The Texas Bulls flag football team balances a heavy play schedule with recruiting new players
It’s a quiet Sunday afternoon in a lazy Pleasantville: The sky is blue; the wind blows gently and birds chirp over a well-manicured practice field at the Las Colinas Ranchview High School. But then that quiet comes to a halt.
Jere Becker yells out into the peaceful day as a small number of gents have come to practice flag football. The heat is bearable from the sidelines but brutal for the two hours of running drills on the field as members of the Dallas-based Texas Bulls and Tyler Bobcats practice for an upcoming tournament in Austin.
The lone six men on the field, though, embody the main issue Becker has confronted with starting his flag team.
"Our biggest need is players," Becker says over appetizers and cold drinks after practice. And just like that, the table becomes a brainstorming session of how to recruit new players.
Becker and the four men from Tyler share the same issue, sparking an interest in the community for flag football. Becker is hoping next month’s recruiting efforts will tip the scales in their favor for a more complete team. But he says the perception of the sport is a big obstacle.
"Skill level doesn’t matter — just come out and play. We’ll find a place for you on the team," he says.
The Texas Bulls have been playing since 2005. Four years out, they still struggle for players in a way other sports associations don’t — the Dallas Independent Volleyball Association, for instance, has more than 300 members.
Former Bull player John Miller is optimistic about players both for his Tyler team and Dallas. "Just this year there has been more and more involvement," he says.
Becker thinks prospective players assume they need to have been jocks in a former life, or big and beefy now, to take on another team. His six loyal players prove otherwise. Some of the guys miss throws; tall ones take on small in drills; and varied running speeds prove these maybe no Emmitt Smiths.
But they are committed to coming out on a 98-degree day in Texas summer — proof enough these guys are here for the fun of it.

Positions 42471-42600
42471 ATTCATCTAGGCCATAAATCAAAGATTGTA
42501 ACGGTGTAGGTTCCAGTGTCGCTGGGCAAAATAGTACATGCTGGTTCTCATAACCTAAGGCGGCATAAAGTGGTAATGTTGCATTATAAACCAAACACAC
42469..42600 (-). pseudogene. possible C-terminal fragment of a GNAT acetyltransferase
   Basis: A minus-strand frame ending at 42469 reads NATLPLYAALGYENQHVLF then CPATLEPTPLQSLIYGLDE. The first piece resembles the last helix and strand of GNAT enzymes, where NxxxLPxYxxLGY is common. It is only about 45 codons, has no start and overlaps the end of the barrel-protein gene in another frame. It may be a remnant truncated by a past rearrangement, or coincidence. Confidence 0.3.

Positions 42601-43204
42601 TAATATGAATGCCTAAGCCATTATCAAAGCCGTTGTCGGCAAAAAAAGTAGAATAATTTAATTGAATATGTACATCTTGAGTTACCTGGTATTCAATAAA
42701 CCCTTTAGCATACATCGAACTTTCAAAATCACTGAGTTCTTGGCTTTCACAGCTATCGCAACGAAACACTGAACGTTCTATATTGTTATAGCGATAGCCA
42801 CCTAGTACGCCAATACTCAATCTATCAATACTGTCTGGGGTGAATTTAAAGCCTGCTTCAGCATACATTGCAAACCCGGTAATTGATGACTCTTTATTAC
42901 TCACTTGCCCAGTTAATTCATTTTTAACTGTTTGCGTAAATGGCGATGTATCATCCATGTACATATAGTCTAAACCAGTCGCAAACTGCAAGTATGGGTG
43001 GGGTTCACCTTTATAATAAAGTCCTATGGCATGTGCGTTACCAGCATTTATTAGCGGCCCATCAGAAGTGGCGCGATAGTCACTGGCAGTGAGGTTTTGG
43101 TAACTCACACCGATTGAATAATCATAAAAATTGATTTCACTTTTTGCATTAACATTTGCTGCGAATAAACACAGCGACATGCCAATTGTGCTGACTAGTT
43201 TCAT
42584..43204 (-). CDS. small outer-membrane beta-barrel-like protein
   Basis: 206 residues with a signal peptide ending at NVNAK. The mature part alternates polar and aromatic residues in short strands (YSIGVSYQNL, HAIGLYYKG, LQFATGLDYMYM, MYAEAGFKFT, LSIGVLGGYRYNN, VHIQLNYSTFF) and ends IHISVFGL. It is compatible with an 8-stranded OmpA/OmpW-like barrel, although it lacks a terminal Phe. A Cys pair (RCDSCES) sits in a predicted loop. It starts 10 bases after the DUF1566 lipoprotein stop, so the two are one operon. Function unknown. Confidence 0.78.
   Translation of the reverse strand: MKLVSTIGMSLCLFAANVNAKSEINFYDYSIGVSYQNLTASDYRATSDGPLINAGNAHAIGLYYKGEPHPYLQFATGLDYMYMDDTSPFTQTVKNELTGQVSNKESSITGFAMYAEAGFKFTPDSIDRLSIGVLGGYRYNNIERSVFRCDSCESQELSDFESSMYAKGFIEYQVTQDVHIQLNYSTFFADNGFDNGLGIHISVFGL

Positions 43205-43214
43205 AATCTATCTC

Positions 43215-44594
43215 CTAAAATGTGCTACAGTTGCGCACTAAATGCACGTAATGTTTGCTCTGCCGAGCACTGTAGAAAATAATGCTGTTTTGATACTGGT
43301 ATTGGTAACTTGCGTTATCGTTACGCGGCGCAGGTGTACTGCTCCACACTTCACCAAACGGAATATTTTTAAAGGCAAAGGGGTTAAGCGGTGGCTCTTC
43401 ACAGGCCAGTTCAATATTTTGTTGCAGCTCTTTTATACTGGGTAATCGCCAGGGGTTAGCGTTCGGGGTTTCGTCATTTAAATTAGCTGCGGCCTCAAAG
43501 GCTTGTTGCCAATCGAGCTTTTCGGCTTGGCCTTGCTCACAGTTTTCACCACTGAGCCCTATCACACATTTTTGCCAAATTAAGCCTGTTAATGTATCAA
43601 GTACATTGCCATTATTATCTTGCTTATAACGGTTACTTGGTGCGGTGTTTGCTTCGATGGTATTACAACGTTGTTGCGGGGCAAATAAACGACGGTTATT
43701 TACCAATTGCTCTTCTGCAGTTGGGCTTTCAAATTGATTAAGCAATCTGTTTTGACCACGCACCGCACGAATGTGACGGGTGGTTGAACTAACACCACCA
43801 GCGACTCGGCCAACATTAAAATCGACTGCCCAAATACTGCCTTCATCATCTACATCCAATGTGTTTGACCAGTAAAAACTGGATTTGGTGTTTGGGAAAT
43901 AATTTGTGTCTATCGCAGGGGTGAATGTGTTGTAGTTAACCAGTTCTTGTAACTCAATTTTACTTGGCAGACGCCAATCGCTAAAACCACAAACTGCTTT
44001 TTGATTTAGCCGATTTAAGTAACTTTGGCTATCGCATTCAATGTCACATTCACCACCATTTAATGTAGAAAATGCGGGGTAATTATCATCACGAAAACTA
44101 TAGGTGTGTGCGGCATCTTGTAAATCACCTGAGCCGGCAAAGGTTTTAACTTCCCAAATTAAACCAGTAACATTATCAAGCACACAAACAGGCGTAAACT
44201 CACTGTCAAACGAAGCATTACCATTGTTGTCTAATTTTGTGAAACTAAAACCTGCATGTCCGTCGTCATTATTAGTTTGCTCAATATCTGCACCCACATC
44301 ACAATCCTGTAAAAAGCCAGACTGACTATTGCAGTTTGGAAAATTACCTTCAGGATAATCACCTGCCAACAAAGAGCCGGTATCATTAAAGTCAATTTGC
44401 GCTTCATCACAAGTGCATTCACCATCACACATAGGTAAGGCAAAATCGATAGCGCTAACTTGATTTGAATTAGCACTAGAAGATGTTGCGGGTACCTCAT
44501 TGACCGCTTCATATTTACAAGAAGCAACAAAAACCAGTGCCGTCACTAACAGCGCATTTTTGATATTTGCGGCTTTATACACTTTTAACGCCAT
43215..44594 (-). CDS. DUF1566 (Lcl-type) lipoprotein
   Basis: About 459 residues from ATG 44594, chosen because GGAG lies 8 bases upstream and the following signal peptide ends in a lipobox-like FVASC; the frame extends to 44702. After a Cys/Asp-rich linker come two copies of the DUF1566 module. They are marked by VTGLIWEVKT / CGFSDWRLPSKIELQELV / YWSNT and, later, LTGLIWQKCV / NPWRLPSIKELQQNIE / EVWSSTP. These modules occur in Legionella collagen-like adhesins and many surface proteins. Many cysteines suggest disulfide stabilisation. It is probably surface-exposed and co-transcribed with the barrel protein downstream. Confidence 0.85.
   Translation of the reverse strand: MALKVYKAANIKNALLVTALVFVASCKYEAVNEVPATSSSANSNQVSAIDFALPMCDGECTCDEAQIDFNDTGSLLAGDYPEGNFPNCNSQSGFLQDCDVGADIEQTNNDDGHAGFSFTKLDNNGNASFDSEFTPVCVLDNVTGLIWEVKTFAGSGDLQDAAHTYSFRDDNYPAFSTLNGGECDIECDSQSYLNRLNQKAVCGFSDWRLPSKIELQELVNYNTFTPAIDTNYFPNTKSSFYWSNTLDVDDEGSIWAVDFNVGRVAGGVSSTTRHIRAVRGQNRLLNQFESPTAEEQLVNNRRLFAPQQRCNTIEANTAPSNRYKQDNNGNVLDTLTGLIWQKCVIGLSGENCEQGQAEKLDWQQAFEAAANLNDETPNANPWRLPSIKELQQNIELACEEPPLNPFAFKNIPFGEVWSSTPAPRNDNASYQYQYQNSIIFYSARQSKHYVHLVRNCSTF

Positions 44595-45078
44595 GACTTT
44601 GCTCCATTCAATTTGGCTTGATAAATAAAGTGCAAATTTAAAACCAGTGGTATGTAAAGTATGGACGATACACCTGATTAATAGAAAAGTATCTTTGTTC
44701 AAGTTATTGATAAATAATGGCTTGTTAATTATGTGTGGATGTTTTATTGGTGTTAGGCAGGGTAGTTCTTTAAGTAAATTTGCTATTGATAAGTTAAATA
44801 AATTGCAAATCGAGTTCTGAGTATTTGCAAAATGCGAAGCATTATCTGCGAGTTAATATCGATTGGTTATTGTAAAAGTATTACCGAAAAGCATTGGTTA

In the cool air of the restaurant, Becker speaks about the Bulls with that same glint of sports enthusiasm a dad has when talking about his son’s Peewee League. Becker juggles information about other sports leagues’ schedules between his brain and his cell phone to determine that a particular Saturday in July will be ideal for his event. Clearly, he is the get-‘er-done guy.
Or perhaps he is just motivated by the upcoming flag football schedule for the gay leagues.
The boys have a busy schedule. This week’s tournament and next month’s clinic are around the corner. On the horizon looms a July scrimmage in San Antonio and here on Pride weekend in September. And there is Gay Bowl 9 in Washington D.C. in October —the Super Bowl of the National Gay Flag Football League. And these guys plan to be there.
If recruitment efforts are successful, they still need time to get to know each other, practice drills and plays and ultimately meld into a team. But first, they need to get this scrimmage done and over with.
Miller is looking forward to it but sees Houston as chief competition. "They are more organized than us because they have been playing for so long," he says.
Teams from San Antonio and Austin will also attend, and Becker hopes his Lone Star Flag Football Conference will relieve organizing issues. The conference would be a network of Texas teams and their needs. "Currently there are five teams and approximately 60 players in all of Texas," he says.
While he’s not coaching or planning the schedule or recruiting, Becker still needs to find time to raise funds for the team. "
We are looking for sponsors," he says, switching to P.R. mode.
Members pay their own way but Becker also reveals plans for a beefcake calendar of players to help spark interest in the league and perhaps a new slew of players will help with their model search.
And then Miller has an a-ha moment.
"What if our team came into town and both teams go out on a Saturday night to Oak Lawn with our shirts and hang out in the clubs and pass out information?" he says. "That can be our recruitment effort."
The idea goes over well. Miller figures if people see the players in person and can talk to them in a casual setting, it would be easier to talk up the league. It not only sounds easier, it would relieve some of the stress of their already busy schedule. Becker is pondering the idea.
Perhaps one way to bring in new players is to show off Miller himself. He came to football knowing nothing about the sport but to also finish losing weight. Since playing football, in addition to his diet plan, he has lost 130 pounds.
He shows his driver’s license to prove it and sure enough, the before and after are amazing.
"There is so much good cardio that goes with playing," he says.
Miller even tries to recruit this writer into playing. If that is the case, then clearly there is a need.
The Texas Bulls play at Travis High School, 1211 E. Oltorf St., Austin, June 20 at 10 a.m. For more information, visit TexasBullsFFC.com.
This article appeared in the Dallas Voice print edition June 19, 2009.